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MARKET CLOSE: NZ shares as poll weighs on power companies

MARKET CLOSE NZ shares as power companies fall amid political uncertainty

By Suze Metherell

May 8 (BusinessDesk) – New Zealand shares fell after a political poll showed dwindling support for the incumbent National-led administration, and weighing on power companies exposed to regulatory risk under a change of government. Contact Energy lead the benchmark index lower, as MightyRiverPower, Meridian Energy, and Genesis Energy paced the decline.

The NZX 50 Index fell 27.716 points, or 0.5 percent, to 5161.41. Within the index, 23 stocks fell, 18 rose and nine were unchanged. Turnover was $128.2 million.

Shares of power companies declined after a Roy Morgan political poll showed a Labour-Green coalition could win government in September’s general election. The two opposition parties plan to re-regulate the energy market in a bid to push down retail prices, a policy which has dampened investors’ interest in the government’s partial privatisation of state owned energy companies, MRP, Meridian and Genesis.

Contact dropped 3.5 percent to $5.50. Government-controlled MRP fell 1.8 percent to $2.24 and Meridian slid 3.3 percent to $1.16. Outside the benchmark index, Genesis slipped 1.4 percent to $1.82.

“Any uncertainty in that political area will be seen to be a negative – particularly the energy sector which is a bit of a political hot potato at the moment,” said Michael Milne, an investment advisor at Craigs Investment Partners. “Those energy stocks had run up a wee bit on the back of National polling and that latest poll was a wee bit weaker so we have seen a bit of a sell off.”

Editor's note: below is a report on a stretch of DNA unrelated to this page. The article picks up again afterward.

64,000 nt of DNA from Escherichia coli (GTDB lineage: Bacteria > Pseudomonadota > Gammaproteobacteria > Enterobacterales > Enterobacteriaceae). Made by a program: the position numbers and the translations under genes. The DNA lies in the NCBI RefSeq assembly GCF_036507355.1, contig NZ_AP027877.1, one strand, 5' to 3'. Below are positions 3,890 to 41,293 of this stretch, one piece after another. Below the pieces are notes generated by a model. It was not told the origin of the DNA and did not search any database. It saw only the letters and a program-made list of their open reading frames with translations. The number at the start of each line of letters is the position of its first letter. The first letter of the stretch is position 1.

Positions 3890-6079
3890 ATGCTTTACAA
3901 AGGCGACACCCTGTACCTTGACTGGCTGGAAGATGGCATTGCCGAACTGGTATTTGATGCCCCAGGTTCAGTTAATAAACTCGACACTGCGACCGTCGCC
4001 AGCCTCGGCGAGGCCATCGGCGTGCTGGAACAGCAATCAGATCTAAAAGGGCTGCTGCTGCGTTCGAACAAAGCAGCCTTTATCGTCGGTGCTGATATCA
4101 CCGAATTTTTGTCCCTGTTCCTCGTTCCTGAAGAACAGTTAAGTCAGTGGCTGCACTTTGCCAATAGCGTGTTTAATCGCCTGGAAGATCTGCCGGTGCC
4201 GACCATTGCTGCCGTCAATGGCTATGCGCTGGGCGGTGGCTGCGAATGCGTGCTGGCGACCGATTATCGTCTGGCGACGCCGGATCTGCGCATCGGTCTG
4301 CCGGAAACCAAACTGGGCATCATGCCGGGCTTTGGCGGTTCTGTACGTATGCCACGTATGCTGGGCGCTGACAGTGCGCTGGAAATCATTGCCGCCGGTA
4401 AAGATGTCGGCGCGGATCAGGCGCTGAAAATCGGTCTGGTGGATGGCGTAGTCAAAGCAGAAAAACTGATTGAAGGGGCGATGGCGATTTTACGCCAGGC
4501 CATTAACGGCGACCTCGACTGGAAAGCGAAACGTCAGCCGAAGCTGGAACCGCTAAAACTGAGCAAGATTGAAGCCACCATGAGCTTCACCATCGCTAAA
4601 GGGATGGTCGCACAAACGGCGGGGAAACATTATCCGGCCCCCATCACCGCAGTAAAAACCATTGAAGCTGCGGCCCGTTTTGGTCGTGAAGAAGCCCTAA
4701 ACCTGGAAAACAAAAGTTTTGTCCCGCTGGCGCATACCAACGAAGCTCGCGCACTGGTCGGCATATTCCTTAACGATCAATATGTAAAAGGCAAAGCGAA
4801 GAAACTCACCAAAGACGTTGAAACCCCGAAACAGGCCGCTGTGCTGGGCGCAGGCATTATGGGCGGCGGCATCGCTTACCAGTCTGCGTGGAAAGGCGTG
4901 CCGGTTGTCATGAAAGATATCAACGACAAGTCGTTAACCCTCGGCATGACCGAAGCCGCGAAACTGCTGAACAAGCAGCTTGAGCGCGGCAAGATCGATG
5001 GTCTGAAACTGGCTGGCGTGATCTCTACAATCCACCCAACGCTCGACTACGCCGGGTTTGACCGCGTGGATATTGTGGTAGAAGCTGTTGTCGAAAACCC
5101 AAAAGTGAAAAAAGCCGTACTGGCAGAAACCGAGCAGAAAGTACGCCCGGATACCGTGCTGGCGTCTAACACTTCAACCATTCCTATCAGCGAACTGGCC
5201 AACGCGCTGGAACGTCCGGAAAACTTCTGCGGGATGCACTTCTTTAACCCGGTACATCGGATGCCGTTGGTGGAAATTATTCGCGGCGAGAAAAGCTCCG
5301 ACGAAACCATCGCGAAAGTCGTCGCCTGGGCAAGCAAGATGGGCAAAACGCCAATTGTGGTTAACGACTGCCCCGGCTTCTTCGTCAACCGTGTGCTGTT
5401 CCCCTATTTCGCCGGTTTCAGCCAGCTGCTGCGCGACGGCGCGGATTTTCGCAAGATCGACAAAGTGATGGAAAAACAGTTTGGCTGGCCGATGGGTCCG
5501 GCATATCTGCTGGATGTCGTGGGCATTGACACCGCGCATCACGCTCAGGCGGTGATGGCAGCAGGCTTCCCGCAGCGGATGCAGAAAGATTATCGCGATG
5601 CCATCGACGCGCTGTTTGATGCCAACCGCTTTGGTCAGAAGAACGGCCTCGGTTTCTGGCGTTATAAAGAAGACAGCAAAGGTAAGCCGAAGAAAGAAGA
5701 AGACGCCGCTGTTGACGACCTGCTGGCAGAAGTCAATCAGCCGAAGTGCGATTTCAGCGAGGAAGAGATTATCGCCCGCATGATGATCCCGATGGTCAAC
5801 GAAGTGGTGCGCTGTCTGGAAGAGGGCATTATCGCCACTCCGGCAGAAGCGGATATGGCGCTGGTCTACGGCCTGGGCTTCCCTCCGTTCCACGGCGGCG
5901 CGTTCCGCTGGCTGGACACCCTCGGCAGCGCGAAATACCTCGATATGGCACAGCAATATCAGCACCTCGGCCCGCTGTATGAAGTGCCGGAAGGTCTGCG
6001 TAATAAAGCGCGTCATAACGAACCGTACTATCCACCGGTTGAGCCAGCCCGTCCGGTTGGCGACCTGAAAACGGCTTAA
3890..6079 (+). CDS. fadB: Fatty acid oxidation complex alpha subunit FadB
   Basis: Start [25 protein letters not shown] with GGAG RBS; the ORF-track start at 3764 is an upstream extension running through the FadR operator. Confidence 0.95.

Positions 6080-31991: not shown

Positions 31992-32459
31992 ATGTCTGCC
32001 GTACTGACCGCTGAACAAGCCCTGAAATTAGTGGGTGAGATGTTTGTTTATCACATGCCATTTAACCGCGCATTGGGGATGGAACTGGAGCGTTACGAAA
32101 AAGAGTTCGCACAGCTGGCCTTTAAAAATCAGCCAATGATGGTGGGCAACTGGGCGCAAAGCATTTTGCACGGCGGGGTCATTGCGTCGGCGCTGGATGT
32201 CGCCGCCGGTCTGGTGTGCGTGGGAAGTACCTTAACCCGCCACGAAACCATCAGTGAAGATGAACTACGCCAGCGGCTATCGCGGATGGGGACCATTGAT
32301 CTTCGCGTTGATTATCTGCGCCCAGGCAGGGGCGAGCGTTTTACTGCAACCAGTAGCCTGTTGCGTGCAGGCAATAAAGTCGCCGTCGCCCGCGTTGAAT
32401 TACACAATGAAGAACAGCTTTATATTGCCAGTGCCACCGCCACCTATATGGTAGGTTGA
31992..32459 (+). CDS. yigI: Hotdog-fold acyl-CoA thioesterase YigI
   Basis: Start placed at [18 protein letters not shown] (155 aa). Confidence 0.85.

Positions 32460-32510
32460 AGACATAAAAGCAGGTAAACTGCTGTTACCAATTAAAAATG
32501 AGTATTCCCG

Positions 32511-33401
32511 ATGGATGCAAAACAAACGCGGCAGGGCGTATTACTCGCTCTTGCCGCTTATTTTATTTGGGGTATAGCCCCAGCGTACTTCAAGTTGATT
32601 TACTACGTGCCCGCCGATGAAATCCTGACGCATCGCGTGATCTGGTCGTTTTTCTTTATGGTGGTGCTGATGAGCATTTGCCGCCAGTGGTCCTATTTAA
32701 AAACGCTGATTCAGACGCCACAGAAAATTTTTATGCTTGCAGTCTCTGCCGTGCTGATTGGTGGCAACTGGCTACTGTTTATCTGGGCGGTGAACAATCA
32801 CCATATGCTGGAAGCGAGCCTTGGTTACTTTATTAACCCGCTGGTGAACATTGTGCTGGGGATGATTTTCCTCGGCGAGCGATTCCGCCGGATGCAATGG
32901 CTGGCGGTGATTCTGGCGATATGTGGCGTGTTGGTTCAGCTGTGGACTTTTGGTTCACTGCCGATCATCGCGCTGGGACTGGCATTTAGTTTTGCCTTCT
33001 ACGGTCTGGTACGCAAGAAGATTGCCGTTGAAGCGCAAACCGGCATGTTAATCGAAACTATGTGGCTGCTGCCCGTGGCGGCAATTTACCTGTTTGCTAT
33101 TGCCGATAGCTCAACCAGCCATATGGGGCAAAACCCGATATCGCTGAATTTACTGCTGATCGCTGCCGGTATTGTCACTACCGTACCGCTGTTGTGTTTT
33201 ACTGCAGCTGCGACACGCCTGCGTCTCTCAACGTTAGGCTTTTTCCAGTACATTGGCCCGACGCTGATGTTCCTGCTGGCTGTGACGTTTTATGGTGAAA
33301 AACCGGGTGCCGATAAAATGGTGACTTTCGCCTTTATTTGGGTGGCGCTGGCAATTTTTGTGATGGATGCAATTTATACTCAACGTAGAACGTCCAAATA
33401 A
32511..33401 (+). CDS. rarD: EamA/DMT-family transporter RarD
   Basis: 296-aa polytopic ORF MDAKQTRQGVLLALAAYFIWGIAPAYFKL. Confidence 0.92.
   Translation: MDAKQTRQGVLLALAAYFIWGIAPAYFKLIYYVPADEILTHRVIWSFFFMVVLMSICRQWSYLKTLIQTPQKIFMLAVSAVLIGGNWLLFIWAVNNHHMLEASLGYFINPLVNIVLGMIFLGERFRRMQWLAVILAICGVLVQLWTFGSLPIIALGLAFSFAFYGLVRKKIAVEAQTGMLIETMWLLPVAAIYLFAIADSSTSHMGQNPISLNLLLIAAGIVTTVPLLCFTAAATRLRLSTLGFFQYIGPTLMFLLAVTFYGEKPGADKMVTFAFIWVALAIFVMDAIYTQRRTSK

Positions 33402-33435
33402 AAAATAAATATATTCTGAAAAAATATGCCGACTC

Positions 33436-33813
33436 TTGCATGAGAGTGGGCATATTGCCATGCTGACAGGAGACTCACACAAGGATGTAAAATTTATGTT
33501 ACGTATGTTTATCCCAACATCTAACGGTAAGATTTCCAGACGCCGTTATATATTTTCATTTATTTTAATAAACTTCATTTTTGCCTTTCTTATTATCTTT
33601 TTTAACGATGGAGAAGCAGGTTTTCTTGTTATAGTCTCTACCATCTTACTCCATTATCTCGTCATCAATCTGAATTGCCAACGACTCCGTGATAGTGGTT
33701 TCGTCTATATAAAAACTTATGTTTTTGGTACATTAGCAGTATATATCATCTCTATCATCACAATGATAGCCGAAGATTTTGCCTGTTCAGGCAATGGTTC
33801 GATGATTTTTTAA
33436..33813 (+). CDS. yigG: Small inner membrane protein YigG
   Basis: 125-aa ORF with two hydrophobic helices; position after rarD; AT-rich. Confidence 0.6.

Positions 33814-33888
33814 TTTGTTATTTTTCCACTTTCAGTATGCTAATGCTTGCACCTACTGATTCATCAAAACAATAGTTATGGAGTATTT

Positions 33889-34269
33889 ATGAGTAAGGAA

TrustPower, the energy company majority-owned by Infratil, rose 1 percent to $7.02 ahead of reporting annual earnings tomorrow. Infratil, which reports annual earnings next week, fell 0.9 percent to $2.27.

Z Energy, the transport fuel refiner, fell 1.3 percent to $3.83 after boosting underlying earnings 12 percent to $219 million as it widened fuel margins at the expense of market share.

“The headline numbers looked pretty reasonable and their margins looked pretty good,” Milne said. “One of the questions that’s hung over the business is they’re losing a bit of market share.”

Warehouse, New Zealand’s largest listed retailer, was unchanged at $3.38 after the red sheds company said sales rose 8.6 percent in its third quarter.

Brisbane-based jeweller Michael Hill International declined 2.3 percent to $1.30. Kathmandu Holdings, the outdoor goods retailer, fell 3.5 percent to $3.86. Trade Me Group, the online auction site, slipped 1.3 percent to $3.95.

Fletcher Building, New Zealand’s largest listed company, fell 0.4 percent to $9.26. A Craigs’ report this week downgraded its recommendation on the stock to a ‘hold’ from a ‘buy’ on a slower than expected Christchurch rebuild.

Xero, the cloud-based accounting software, fell 0.3 percent to $30.25. Telecom, New Zealand’s largest telecommunications provider, slipped 0.2 percent to $2.665. Retirement village operator, Ryman Healthcare, dropped 1.1 percent to $8.80.

Diligent Board Member Services lead gainers, up 3.3 percent to $4.41. Sky City Entertainment Group advanced 3.3 percent to $4.10 and Mainfreight rose 1.5 percent to a record $13.80.

Guinness Peat Group was unchanged at 67.5 cents after its UK threadmaker unit, Coats, said first quarter sales rose 2 percent.

Argosy Property was unchanged at 94.5 cents after the property investor sold an underperforming commercial building in Auckland for $10.4 million.

Outside the benchmark index, Mercer Group, the stainless steel manufacturer, was unchanged at 17 cents. The company slashed its full-year forecast earnings before interest tax and amortisation in half after sales were slower than expected.

Rakon dropped 4.6 percent to 21 cents after the navigation components maker said it would post a bigger annual loss than expected on asset writedowns and depreciation.

APN News & Media was unchanged at 73 cents after the Australian media group said group earnings were lagging 2013 on flat advertising spending. The dual-listed stock was down 11 percent to 60.2 Australian cents in afternoon trading on the ASX.


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